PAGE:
Colin (No Impact Man, for the uninitiated), has a post this morning about questioning the things that make us happy and reconsidering what amount of work is “the right amount” for a balanced and happy life: a life that makes people happier, and a life that makes the planet happier.   He’s been harping on this subject for several weeks (months? a year?) by now, and I have to admit that I’m not only a little bored with the message-on-continuous-loop, but rather irritated by it.  This morning, I figured out why.

I don’t know anyone who works more than they really want to.

I know people who are looking for more fulfilling career choices. I know people who are looking for a more challenging new position. I know people who put in very long hours and are fulfilled by them, and I know people who put in fewer hours and also find them fulfilling. I know people who work in offices, hospitals, schools, the outdoors, their living rooms, and virtual networks that don’t exist in three-dimensions. But I don’t know anyone who is actively looking to not work, to not support themselves or their family, to not seek out a path that interests and intrigues them and put their energy toward that. I don’t know anyone who wants to do less.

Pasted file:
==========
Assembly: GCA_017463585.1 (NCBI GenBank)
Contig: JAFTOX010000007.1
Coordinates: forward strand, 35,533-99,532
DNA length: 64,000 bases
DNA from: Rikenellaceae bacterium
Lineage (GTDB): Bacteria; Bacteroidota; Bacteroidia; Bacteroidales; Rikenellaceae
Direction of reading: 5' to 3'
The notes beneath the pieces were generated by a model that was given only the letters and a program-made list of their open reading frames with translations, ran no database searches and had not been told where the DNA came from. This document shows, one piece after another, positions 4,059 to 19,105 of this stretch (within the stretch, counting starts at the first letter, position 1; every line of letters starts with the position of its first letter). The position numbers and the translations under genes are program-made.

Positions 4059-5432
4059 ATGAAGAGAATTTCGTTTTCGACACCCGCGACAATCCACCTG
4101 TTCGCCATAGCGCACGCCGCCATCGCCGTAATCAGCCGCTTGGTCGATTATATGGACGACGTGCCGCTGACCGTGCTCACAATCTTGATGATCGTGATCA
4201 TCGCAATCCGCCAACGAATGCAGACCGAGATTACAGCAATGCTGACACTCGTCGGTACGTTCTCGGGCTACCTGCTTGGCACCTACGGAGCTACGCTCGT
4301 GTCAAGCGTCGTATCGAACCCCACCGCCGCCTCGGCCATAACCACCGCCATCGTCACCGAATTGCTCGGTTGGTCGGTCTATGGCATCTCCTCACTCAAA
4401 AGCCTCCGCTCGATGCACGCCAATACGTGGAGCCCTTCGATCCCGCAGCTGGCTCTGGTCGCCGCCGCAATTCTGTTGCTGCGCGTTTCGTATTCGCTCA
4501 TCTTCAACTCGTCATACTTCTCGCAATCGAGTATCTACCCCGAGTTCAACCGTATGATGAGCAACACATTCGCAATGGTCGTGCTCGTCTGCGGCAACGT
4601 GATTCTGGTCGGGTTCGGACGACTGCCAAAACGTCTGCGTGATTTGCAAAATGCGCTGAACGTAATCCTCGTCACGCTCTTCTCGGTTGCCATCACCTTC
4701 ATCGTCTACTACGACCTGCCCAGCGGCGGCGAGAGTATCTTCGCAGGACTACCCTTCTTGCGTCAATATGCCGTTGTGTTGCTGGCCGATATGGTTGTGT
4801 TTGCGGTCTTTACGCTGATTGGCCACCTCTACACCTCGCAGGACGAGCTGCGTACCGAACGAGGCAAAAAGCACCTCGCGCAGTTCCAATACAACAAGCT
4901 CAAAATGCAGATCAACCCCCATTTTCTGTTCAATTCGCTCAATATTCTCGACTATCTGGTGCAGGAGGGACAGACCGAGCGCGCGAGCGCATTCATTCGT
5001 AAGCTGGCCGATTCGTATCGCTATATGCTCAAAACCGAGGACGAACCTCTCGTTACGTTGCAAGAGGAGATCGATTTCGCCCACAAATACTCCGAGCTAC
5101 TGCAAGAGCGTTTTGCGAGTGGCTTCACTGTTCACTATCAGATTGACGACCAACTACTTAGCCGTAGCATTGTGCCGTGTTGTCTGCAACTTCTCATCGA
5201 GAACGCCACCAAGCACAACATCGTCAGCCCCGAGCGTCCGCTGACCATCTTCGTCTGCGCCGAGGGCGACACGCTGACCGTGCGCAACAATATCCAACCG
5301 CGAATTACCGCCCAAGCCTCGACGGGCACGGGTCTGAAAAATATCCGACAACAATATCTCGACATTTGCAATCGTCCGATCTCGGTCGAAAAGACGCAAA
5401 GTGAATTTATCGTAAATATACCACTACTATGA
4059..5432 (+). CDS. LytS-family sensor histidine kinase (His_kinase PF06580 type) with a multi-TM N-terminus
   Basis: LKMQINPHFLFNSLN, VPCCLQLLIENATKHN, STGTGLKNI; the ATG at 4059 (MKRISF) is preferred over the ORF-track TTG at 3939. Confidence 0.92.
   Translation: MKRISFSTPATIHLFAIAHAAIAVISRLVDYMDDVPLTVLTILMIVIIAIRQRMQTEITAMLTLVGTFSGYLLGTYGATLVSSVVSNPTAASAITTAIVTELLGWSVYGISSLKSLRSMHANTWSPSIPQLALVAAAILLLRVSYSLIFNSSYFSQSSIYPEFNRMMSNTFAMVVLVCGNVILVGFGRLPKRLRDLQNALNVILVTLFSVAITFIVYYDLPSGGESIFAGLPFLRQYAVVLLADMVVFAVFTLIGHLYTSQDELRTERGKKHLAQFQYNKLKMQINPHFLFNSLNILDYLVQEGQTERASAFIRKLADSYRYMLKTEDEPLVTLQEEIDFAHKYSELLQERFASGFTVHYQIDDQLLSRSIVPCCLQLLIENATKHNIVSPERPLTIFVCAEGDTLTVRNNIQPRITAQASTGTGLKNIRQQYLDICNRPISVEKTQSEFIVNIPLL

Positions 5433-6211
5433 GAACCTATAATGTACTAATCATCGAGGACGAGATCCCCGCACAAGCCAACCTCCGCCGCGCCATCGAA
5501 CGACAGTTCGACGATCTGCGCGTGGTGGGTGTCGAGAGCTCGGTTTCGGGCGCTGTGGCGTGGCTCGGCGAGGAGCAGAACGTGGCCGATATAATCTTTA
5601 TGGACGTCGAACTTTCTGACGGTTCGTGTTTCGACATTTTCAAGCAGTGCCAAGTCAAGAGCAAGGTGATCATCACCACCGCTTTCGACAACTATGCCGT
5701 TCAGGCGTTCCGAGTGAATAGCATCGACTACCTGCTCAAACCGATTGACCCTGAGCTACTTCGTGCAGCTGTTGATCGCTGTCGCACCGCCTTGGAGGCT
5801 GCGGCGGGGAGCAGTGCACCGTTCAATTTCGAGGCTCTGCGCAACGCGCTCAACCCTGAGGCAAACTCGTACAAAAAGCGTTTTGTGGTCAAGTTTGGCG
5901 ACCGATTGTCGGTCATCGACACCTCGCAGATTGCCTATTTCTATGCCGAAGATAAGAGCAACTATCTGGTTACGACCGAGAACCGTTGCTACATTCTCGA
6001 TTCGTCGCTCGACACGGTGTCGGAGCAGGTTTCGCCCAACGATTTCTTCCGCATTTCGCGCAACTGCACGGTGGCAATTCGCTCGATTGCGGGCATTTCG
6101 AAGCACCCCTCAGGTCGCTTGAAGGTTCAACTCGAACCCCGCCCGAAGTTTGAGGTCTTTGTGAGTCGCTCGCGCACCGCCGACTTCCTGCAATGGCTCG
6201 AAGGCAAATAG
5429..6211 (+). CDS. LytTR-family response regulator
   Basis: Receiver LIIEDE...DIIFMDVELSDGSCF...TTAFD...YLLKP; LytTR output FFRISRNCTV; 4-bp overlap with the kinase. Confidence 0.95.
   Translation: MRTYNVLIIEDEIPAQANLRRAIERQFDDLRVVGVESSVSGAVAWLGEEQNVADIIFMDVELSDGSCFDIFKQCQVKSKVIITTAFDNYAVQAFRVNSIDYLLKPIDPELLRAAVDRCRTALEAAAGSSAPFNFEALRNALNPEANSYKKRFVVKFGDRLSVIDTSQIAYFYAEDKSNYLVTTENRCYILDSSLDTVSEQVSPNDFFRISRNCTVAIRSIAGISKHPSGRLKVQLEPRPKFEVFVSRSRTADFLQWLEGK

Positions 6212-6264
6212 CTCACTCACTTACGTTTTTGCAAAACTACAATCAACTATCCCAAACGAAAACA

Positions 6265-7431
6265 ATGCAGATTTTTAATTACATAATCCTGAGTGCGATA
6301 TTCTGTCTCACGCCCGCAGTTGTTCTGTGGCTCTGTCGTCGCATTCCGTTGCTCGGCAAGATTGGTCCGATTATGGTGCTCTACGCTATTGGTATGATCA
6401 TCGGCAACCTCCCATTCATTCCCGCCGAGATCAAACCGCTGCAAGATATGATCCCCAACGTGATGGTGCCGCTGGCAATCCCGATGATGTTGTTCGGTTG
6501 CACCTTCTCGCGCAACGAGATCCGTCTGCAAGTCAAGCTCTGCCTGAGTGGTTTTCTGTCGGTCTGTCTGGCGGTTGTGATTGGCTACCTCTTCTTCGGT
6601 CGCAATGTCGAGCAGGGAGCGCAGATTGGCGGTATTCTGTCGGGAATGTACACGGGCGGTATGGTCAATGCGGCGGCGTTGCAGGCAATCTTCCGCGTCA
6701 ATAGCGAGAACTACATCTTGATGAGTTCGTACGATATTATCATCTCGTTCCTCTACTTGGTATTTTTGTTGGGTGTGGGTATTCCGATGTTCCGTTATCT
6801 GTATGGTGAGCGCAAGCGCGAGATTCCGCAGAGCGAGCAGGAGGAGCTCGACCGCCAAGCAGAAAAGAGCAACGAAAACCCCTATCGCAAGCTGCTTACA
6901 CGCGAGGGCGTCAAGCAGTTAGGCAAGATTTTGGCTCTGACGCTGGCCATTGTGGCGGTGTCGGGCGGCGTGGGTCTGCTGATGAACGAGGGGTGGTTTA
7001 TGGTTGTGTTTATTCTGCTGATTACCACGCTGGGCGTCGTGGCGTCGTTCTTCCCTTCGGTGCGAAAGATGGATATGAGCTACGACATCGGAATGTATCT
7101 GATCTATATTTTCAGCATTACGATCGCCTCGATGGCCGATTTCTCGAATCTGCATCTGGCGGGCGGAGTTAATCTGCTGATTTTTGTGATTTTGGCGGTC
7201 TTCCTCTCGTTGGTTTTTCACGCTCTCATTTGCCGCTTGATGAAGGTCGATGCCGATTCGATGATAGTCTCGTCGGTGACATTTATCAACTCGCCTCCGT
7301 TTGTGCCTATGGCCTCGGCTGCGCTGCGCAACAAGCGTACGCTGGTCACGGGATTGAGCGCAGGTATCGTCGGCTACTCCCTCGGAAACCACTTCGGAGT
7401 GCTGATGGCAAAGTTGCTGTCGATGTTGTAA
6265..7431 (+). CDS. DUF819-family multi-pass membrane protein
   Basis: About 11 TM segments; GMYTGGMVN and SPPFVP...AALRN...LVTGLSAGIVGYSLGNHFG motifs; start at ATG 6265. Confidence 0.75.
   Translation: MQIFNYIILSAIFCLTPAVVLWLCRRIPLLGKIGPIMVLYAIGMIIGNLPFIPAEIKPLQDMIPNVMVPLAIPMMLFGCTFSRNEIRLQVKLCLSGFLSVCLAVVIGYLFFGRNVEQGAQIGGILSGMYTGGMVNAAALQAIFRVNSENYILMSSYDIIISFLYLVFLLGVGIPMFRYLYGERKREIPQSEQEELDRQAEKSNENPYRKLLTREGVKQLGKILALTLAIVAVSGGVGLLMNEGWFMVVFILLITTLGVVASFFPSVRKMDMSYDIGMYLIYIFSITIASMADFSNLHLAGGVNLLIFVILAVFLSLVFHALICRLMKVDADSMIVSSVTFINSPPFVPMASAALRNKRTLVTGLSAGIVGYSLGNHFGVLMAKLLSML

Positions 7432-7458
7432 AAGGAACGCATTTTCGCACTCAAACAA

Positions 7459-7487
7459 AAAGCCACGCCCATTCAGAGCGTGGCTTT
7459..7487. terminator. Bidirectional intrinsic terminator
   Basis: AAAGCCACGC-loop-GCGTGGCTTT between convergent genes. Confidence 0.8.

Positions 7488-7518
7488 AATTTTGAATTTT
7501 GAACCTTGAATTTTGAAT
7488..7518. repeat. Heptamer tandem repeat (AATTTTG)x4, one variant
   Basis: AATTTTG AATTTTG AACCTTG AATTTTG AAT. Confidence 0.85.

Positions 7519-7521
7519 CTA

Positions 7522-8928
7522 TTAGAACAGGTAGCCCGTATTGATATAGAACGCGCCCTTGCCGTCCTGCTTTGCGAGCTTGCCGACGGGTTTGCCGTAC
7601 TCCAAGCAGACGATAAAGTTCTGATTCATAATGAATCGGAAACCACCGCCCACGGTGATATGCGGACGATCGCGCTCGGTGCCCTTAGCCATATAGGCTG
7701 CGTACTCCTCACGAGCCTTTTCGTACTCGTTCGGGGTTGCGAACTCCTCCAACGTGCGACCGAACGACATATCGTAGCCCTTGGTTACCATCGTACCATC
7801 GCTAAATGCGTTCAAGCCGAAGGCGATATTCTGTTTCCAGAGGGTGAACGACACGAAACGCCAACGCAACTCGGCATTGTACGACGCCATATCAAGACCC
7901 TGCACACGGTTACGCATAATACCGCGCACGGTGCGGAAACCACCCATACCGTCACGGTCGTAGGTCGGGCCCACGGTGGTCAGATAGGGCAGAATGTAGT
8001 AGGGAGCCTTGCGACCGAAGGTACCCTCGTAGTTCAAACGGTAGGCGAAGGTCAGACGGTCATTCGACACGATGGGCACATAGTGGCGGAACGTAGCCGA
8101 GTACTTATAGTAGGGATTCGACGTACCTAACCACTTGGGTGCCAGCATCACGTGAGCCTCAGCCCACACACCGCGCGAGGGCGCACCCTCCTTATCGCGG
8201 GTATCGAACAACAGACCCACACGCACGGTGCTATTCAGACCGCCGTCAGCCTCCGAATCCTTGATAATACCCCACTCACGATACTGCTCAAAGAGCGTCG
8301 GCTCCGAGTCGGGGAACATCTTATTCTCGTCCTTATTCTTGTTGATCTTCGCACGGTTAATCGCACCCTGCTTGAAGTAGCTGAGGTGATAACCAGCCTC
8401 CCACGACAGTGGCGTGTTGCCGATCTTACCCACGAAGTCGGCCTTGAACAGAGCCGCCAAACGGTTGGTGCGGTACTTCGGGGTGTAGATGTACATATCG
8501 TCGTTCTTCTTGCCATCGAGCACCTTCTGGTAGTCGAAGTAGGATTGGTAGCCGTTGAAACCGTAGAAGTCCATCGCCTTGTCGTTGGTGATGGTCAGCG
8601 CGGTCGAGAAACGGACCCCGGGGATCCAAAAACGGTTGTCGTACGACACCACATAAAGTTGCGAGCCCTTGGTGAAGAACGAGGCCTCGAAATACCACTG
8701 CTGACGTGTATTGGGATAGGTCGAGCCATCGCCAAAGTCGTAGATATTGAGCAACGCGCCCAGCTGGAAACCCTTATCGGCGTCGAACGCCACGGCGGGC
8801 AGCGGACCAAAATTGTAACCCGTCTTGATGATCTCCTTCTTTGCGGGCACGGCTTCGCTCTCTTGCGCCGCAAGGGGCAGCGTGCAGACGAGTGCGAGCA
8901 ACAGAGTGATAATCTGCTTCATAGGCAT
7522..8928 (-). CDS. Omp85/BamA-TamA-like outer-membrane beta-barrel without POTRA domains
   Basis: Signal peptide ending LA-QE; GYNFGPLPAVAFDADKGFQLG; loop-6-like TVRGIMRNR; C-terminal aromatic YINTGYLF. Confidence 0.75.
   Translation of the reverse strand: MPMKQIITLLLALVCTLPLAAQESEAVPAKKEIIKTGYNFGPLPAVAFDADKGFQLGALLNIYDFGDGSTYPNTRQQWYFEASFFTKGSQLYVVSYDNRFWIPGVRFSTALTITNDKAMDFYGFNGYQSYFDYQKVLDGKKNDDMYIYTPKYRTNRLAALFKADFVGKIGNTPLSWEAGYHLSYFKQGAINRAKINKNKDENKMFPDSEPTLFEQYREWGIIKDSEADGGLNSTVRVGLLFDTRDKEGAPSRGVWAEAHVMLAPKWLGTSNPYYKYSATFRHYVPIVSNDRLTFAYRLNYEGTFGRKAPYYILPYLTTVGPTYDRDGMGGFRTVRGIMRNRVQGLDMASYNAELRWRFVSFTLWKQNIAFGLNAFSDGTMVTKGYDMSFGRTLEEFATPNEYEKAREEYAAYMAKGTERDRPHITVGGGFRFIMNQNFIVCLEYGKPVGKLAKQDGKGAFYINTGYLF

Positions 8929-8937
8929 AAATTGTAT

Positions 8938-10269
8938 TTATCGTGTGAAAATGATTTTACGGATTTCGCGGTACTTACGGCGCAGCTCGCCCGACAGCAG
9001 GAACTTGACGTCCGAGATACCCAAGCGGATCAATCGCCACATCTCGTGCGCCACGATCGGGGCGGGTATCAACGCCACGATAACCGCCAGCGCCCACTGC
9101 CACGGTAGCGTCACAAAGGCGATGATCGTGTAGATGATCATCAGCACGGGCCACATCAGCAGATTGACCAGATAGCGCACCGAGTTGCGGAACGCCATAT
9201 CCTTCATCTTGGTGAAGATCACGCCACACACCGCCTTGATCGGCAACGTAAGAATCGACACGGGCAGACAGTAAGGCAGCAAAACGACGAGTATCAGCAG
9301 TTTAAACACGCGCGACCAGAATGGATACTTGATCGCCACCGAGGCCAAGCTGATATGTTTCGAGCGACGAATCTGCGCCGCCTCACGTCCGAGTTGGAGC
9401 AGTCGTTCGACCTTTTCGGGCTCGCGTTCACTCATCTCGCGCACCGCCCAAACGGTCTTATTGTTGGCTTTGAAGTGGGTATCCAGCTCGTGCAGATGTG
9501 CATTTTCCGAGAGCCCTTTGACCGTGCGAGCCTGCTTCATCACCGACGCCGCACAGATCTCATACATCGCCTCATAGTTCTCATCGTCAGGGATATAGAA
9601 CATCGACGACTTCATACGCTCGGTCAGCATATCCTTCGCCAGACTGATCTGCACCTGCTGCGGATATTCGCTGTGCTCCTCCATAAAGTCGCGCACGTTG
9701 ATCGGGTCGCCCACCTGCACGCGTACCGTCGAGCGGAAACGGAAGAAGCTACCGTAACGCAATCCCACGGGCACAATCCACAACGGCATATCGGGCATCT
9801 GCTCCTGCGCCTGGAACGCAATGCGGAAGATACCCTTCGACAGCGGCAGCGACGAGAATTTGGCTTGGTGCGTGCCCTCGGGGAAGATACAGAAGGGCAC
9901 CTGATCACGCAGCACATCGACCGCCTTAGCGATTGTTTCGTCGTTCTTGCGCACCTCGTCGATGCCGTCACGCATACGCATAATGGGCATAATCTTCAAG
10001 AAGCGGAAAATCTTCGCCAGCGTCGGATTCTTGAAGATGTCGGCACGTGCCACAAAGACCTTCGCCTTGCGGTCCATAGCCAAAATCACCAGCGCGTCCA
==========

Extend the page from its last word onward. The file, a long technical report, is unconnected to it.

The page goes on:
Am I the anomaly?

Is it because I work for a nonprofit that I believe in with crazy devotion? I’m mission-committed; I’ll gripe and moan a bit but in the grand scheme of things I don’t mind a few 80-hour weeks accompanying my super-flexible schedule that let’s me work from anywhere, and the five weeks of non-bankable time off that I receive each calendar year.  I find the combination incredibly invigorating, as do the colleagues who share that pattern with me. (Those of you reading along at home, speak up if I’m reading you wrong!)

My family is full of hardworking people.  Both of my parents have always had full-time jobs, and now that Dad has retired and Mom is nearing retirement, they’ve each started independent business ventures. My sister and brother-in-law are young and establishing their family and trying to get settled into career patterns that work with raising three babies — that’s a big struggle, but what they’re looking for is meaningful work that they enjoy, not less work altogether.  Nana is 75 and is only just now retiring from her work with the Red Cross! She’s ready to rest and relax (and put more time into volunteering) and stop traveling. My friends are in similar situations to any of these — no matter the industry or position, all are seeking meaningful, life-affirming work that makes a difference to the way that we feel — work that makes us happy.

Is this an age thing? A geography thing? A class/demographic thing? Am I missing the point?

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